Accuracy in Media

Aaron Blake of the Washington Post misled readers in a story Wednesday about Paul Manafort’s sentencing before D.C. Circuit Judge Amy Berman Jackson.

As Jackson sentenced Manafort to 43 months in prison – most to run concurrent with a sentence he received from another judge in Virginia last week – she pointed to remarks in the sentencing memo his attorneys wrote stressing that this case had nothing to do with collusion with Russia.

The assertion is important because the crimes for which Manafort was being sentenced date back more than a decade, but they were discovered in the process of special counsel Robert Mueller’s investigation into possible collusion between the Trump team and the Russian government during the presidential campaign and in his first days in office.

Trump and others have made it a priority to point out the crimes for which Manafort was sentenced have nothing to do with collusion with Russia and should not be seen as furthering the narrative the president or his allies colluded with Russia, as Democrats have charged and Mueller has attempted to prove.

Jackson did say “The ‘no collusion’ mantra is also not accurate because the investigation is still ongoing,” but Mueller has signaled ahead of his report that no collusion was found, and Democrats dropped plans to impeach Trump this week in large part because the case has dried up.

But she did take exception to Manafort’s attorneys devoting much of a sentencing memo for a trial that examined other wrongdoing to pointing out the case had nothing to do with Russian collusion.

“She said the ‘no collusion’ mantra is bunk,” Blake wrote in “Paul Manafort’s judge strongly rebukes Manafort’s – and Trump’s – ‘no collusion’ refrain.” Blake’s lead said the judge’s remarks “struck at the core of President Trump’s personal defense in the Russia investigation.” It did not address Trump’s personal defense at all.

What she did reject was the notion that since no collusion has been proven involving Manafort or Trump that this should be a mitigating factor in Manafort’s sentencing for the “matters at hand.

“The ‘no collusion’ mantra is simply a non sequitur,’” the judge said.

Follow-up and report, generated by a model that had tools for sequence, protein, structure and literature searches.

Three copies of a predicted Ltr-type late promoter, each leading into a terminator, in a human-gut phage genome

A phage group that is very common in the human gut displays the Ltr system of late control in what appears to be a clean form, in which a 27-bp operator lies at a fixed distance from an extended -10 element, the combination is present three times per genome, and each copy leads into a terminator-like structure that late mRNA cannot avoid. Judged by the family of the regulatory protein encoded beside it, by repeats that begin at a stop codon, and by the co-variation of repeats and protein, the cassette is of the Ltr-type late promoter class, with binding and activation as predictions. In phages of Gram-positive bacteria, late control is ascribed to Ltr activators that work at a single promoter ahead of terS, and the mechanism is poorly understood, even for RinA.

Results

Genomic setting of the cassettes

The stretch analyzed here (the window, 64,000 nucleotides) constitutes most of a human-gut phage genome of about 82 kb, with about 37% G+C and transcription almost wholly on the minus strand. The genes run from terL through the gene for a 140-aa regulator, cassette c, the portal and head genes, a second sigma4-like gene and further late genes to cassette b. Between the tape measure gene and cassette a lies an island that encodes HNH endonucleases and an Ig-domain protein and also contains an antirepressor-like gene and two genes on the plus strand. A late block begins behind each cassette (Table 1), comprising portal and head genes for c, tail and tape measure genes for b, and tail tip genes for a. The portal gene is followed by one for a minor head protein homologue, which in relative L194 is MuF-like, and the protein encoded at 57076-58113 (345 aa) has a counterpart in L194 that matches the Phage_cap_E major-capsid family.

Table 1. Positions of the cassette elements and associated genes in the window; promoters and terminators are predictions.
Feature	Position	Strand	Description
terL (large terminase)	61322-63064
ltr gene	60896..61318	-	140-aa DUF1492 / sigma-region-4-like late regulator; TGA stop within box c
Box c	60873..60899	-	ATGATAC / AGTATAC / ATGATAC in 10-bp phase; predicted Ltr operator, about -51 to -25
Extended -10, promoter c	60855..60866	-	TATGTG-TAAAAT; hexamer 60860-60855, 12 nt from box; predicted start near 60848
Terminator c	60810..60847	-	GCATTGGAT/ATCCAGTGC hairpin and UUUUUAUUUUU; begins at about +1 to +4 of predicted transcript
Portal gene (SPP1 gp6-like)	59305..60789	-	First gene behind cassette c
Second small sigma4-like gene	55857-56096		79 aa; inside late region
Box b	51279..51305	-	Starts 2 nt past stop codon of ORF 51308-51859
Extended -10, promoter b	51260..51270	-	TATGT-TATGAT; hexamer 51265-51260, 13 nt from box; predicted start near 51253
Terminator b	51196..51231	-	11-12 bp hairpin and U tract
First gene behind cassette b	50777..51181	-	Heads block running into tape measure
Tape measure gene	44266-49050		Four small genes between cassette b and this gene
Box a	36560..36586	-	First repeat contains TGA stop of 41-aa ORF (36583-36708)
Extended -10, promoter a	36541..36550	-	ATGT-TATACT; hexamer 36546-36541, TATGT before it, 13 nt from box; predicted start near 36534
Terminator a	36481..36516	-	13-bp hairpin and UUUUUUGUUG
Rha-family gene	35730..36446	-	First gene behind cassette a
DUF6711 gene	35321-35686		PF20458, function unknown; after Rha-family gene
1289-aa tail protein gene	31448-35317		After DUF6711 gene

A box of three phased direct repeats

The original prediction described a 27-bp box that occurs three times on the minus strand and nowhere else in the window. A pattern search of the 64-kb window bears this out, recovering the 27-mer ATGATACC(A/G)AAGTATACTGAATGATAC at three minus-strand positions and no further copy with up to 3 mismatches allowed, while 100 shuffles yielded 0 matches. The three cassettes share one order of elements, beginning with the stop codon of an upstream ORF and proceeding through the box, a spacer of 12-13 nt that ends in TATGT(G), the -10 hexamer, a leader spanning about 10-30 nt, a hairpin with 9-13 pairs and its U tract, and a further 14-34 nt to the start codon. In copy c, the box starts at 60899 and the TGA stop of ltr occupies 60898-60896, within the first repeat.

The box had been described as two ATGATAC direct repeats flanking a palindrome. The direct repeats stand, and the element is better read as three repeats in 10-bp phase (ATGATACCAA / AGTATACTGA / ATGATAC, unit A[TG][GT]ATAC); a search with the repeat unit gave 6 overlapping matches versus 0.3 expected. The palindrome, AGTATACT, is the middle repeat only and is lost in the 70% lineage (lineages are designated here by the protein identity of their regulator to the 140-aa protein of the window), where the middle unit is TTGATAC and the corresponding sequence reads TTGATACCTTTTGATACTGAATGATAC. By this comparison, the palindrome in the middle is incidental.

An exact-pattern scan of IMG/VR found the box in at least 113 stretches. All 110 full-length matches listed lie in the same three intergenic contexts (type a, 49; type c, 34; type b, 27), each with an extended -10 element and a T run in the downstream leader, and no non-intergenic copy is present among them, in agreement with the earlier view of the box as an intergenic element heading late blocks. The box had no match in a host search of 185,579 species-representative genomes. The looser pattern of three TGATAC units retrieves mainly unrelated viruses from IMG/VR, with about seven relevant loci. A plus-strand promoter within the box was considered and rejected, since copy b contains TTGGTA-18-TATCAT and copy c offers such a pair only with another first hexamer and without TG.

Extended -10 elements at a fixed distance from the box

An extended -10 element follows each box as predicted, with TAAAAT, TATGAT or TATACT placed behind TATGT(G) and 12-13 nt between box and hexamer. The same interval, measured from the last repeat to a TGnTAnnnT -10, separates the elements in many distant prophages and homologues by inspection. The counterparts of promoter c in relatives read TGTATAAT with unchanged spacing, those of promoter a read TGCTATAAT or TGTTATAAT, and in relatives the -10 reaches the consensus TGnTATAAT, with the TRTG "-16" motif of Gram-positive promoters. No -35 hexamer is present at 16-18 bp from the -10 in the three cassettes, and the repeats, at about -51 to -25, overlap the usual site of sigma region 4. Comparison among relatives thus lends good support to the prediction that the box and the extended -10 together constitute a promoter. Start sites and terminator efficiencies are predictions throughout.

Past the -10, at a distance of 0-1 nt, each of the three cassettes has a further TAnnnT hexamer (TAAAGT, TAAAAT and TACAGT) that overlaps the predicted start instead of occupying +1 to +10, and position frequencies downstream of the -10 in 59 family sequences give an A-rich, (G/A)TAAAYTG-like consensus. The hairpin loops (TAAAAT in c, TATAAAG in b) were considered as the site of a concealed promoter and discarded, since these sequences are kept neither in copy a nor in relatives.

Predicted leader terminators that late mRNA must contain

Blake wrote that claiming there was no collusion “as a defense” – which Manafort’s attorneys did not do – “is within any defendant’s rights. It’s basically saying, ‘There was no crime.’” No, it was asking the judge to consider the alleged crime that brought the matter at hand to the court’s attention has been basically disproven.

“The problem with Trump and his allies – and Manafort’s legal team, in this case – was that they have tried to stretch it much further,” Blake wrote. “They have argued that the lack of proof of collusion thus far is somehow dispositive. They are suggesting that, because it hasn’t been proved, it never happened.”

Blake ignores that he is suggesting it did happen without any proof.

Blake wrote that Trump pulled the same stunt when the special counsel announced indictments of 13 Russian nationals and three Russian entities for meddling in the campaign. A statement from Sarah Sanders on behalf of the president said the investigation “further indicates there was NO COLLUSION between the Trump campaign and Russia and that the outcome of the election was not changed or affected.”

In announcing the indictments, Rod Rosenstein, No.2 at the Department of Justice at the time, said Trump officials who did communicate with the troll farms did not realize they were talking to Russians, which exonerates them from collusion in that instance.

Rosenstein also said there was “no allegation in the indictment of any effect on the outcome of the election,” but Sanders saying the findings indicate “the outcome of the election was not changed or affected” was somehow false. “He didn’t say there was definitively no impact,” Blake wrote in February 2018.

“The media has been pointing out for months that Trump is overselling all of these examples,” Blake wrote, referring to the numerous and growing pile of evidence that no collusion occurred. “But on Wednesday, a judge whose job it is to decide people’s guilt or innocence put it on the record.”

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